The Los Angeles Police Department wants to give a rapid-result test to everyone its officers arrest to check for the coronavirus and is pushing city officials to secure the equipment to do so.
Los Angeles Police Chief Michel Moore told the Police Department's civilian oversight body that he has asked City Hall to secure a rapid-result testing system capable of determining within 15 minutes whether people are infected with the coronavirus.
Right now, jails are testing all new arrivals, but results take days to come back, Moore said. The delayed results give the department a "backwards look" at exposure, but rapid-result testing would provide real-time data that could help the department isolate sick detainees, keep others incarcerated in local jails safe and quickly alert officers to any potential exposure, Moore said.
The need for such equipment in Los Angeles, and particularly for those coming into contact with the criminal justice system, is not in question. Already, more than 350 inmates in L.A. County jails have tested positive for the coronavirus, and more than 100 LAPD officers and staff have tested positive. As of Tuesday, the Police Department had 125 personnel at home, either because they are symptomatic or had close contact with an infected person.
Still, it's unclear whether such rapid-result test machines are coming, or if their test results could even be trusted.
Though Moore told the Police Commission on Tuesday that "the effort of the city is to acquire four" of the rapid-result test machines, and then place them at detainee intake locations around the city, the purchase of such machines remains in doubt.
After days of questioning about the status of such testing, Alex Comisar, a spokesman for Mayor Eric Garcetti, said only that Garcetti "is committed to expanding testing in any way we can, especially among vulnerable populations," and that his administration "will continue looking into this and other testing options as we continue our fight against the spread of COVID-19."
There is neither a chosen vendor nor a contract for the equipment.
Moore told the Police Commission that the national supply of rapid-result testing machines is being controlled by the Federal Emergency Management Agency, which is doling them out under a process that prioritizes hospitals over police departments.
"We're what you would consider Tier 2," Moore told the commission.
However, FEMA denied controlling supplies, saying it "does not control the purchase of testing machines."
The agency said that the U.S. Department of Health and Human Services and the White House's coronavirus task force have helped coordinate the delivery of supplies to states in the past, but now "there is a growing capacity to purchase different types of testing equipment from reputable commercial vendors in the U.S. domestic market."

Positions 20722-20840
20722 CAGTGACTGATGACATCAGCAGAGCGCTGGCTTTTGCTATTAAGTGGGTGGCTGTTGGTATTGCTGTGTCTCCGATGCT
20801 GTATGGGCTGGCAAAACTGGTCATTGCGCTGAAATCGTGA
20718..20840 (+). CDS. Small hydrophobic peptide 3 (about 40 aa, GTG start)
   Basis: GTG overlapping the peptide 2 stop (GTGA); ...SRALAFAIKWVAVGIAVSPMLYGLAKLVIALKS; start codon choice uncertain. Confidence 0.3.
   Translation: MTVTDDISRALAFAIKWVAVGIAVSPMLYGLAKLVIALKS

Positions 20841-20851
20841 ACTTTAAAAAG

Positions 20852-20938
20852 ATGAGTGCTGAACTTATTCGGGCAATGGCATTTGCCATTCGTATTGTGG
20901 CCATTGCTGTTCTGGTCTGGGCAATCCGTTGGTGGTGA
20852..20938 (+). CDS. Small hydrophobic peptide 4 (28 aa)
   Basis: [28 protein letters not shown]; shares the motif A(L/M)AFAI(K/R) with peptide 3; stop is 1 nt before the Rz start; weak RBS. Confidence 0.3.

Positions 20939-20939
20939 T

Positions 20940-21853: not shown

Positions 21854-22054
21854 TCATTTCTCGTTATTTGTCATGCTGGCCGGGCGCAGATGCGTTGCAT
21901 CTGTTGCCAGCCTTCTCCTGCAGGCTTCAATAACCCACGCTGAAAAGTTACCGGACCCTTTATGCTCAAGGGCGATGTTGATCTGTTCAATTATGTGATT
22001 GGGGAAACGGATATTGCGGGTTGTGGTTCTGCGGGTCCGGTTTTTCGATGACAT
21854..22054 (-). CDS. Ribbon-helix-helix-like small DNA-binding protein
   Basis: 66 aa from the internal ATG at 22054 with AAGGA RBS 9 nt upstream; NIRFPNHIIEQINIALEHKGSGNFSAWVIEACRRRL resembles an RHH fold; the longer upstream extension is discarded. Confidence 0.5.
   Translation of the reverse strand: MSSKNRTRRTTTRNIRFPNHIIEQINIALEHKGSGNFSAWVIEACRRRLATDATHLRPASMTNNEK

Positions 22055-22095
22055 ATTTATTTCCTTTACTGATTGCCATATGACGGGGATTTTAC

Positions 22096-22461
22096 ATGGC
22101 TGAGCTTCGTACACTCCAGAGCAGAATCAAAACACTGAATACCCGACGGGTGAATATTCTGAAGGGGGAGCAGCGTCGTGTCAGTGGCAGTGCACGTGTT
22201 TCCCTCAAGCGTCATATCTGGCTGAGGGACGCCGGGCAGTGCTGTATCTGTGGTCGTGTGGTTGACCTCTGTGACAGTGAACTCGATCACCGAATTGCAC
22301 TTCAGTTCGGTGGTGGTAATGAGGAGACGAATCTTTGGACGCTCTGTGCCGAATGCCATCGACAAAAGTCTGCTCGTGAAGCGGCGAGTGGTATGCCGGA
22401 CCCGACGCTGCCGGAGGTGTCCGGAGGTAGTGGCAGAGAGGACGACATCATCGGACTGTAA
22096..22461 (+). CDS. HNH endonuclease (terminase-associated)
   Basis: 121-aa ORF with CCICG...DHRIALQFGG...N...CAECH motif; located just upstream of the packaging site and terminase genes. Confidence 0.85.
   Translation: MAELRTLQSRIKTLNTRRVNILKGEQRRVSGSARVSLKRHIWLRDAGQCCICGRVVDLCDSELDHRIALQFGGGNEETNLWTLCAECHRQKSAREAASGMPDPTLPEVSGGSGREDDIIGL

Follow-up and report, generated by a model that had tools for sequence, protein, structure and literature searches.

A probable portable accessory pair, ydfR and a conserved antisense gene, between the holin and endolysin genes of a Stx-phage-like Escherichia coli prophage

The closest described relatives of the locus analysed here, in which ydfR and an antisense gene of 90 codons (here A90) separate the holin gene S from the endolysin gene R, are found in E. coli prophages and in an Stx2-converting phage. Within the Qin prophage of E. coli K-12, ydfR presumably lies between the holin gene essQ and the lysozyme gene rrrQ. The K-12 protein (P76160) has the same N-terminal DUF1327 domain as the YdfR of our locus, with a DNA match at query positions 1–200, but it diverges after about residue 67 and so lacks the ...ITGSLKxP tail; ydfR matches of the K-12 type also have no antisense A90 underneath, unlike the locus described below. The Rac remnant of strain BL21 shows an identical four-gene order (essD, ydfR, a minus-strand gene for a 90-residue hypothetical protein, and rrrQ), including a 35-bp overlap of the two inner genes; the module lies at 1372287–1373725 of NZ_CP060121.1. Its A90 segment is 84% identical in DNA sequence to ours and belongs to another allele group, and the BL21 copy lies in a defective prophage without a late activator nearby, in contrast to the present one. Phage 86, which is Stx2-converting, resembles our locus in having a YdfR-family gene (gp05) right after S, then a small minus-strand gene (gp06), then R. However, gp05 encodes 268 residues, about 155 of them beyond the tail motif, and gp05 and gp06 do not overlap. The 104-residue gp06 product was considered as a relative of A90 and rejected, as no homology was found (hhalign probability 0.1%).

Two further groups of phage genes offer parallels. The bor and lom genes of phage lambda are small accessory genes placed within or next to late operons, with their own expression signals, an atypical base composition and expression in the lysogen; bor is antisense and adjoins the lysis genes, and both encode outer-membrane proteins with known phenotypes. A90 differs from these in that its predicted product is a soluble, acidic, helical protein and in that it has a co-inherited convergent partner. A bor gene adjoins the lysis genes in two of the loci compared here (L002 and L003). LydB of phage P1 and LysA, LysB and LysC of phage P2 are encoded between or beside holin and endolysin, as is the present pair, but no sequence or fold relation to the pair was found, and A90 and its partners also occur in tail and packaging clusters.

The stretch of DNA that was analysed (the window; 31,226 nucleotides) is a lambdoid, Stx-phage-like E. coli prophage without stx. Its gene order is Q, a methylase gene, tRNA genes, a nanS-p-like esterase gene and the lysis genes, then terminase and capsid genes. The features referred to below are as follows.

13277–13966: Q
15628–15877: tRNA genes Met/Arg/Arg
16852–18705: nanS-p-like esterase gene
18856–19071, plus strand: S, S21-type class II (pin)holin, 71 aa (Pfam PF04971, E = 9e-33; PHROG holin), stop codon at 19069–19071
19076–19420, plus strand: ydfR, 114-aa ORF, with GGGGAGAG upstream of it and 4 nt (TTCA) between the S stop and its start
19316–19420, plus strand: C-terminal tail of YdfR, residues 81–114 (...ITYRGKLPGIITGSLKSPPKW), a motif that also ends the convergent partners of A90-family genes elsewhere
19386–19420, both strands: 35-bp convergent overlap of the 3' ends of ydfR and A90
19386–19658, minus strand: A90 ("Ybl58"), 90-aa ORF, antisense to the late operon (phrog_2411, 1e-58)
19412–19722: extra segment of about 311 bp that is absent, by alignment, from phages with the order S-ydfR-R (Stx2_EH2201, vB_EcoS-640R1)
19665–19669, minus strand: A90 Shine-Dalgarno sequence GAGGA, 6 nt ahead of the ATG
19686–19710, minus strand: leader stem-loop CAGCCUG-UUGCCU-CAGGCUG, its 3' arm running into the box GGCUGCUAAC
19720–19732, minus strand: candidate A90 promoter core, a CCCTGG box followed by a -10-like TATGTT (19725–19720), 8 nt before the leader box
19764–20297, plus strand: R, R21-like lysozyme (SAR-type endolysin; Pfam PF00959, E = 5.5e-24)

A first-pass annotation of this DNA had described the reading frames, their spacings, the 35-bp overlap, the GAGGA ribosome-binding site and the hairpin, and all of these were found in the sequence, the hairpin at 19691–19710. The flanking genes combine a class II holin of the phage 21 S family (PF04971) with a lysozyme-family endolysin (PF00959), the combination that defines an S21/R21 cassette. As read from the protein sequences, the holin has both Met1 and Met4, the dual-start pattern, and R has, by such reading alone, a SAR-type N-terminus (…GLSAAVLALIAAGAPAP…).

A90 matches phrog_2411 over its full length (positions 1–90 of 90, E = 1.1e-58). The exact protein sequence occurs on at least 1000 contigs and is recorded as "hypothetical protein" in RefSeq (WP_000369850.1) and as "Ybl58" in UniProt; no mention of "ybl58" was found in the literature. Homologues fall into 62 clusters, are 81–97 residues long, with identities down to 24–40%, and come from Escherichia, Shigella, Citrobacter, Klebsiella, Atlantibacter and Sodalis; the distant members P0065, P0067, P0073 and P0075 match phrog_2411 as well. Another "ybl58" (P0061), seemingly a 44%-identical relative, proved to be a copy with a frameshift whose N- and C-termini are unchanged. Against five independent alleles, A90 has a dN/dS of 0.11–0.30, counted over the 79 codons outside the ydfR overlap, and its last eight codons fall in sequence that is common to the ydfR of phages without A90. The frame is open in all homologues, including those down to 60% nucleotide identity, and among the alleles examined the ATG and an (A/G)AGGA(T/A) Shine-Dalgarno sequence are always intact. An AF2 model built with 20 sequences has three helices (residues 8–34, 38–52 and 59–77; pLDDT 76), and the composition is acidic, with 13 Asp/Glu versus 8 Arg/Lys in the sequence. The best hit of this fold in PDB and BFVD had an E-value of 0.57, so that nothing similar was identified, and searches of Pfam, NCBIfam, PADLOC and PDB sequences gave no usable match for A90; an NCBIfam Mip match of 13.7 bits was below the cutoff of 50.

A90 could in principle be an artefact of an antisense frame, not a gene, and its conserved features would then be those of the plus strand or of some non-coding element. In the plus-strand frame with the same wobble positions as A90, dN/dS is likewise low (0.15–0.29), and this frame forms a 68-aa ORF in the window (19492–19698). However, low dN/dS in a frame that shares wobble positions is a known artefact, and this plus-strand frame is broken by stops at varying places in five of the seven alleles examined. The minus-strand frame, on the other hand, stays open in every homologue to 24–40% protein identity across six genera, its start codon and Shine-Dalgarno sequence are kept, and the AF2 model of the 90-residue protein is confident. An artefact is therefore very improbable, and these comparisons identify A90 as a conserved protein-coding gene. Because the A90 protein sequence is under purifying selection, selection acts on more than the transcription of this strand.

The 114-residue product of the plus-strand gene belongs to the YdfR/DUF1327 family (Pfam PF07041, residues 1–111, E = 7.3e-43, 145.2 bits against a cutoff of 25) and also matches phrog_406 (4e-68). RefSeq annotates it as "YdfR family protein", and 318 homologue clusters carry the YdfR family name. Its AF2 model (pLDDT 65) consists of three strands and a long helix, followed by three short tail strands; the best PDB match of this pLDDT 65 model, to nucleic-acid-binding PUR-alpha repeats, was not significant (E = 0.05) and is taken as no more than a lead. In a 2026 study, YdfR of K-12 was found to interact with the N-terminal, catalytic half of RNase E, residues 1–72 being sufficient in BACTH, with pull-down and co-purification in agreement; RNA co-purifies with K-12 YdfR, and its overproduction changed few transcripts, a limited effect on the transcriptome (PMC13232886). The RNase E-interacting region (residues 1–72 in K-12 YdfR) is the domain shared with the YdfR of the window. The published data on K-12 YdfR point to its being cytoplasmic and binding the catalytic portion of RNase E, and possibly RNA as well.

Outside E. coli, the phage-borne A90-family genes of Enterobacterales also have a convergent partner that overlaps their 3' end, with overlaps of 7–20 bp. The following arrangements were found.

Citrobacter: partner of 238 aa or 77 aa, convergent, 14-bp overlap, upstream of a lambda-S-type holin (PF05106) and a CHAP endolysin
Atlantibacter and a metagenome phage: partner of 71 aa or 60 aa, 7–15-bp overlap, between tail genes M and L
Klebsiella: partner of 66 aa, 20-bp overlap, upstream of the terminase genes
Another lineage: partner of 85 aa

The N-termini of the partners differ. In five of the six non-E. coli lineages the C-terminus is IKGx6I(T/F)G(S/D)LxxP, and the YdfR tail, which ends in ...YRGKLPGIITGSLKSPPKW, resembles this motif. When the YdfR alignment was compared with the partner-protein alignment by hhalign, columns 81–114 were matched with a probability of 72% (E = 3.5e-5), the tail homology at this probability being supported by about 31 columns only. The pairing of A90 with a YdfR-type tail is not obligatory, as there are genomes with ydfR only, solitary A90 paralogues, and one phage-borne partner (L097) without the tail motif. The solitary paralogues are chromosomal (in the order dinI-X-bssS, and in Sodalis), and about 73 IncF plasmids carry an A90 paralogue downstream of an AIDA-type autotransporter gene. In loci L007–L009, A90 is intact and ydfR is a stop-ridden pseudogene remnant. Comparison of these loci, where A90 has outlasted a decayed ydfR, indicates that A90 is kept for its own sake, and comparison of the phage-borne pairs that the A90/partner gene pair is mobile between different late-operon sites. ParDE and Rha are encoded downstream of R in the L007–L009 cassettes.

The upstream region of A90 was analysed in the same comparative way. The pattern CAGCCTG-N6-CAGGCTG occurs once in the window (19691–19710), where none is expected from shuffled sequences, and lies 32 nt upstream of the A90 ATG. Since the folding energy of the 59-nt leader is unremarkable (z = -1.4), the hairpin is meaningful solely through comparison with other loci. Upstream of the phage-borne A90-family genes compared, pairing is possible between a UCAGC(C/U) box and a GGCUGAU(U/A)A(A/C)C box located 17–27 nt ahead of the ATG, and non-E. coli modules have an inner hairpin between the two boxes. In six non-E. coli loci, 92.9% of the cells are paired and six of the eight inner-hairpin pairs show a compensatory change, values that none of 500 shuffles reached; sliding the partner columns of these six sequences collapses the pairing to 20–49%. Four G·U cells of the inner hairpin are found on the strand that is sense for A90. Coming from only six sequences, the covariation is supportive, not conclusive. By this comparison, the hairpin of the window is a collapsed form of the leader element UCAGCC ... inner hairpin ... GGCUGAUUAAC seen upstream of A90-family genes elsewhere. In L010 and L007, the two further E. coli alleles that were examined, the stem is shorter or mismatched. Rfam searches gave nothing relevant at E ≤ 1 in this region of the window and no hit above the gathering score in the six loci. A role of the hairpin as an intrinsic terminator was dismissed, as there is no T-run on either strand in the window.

"The process for purchase follows conventional commercial supply procedures where vendors seek to sell available commodities and project future production to meet demand," the agency said. "FEMA does not collect commercial orders nor do we track requirements for testing machines."
Local agencies, including police departments, that want help fighting the coronavirus should direct their requests through their states first, FEMA said.
"Any needs that cannot be met by the state or tribe should then be sent to the respective FEMA regional office," it said.
A police spokesman referred questions about Moore's comments back to Garcetti's office.
If Los Angeles were to obtain rapid-test machines, the results could be viewed with some skepticism.
Recent studies have raised doubts about the accuracy of rapid-result tests for the coronavirus, with the U.S. Food and Drug Administration on Thursday issuing an alert about one major manufacturer's test potentially returning false negatives.
The agency said it had received 15 "adverse event reports" suggesting users of the Abbott ID Now test were receiving inaccurate negative results. It said it is working to determine why, and whether certain types of equipment used in conjunction with the tests, such as swabs, are causing the errors.
Dr. Tim Stenzel, director of the FDA's Office of In Vitro Diagnostics and Radiological Health, said that the tests can still be used to identify "many positive cases in minutes" but that negative results "may need to be confirmed" with additional, highly sensitive follow-up testing.
Abbott, in its own statement, said that "no test is perfect" but that ID Now "has been delivering reliable results when and where they're needed" and remains an "important tool" in the nation's testing arsenal.
"The availability and ease-of-access of ID Now, which delivers results in minutes rather than a day or more, is helping to reduce the risk of infection in society by detecting more positive results than would otherwise be found," the company said.
Testing capacity has been a problem in the United States since the start of the coronavirus outbreak, caused in part by a failed first attempt by the U.S. Centers for Disease Control and Prevention to produce and distribute working tests.
Private manufacturers have since stepped into the fold to provide tests, including to state and local governments, but the national dearth of testing capacity has made the market for the associated processing equipment hyper-competitive.
City officials did not have estimates for the cost of a rapid testing system for the city, though machines run into the thousands of dollars each.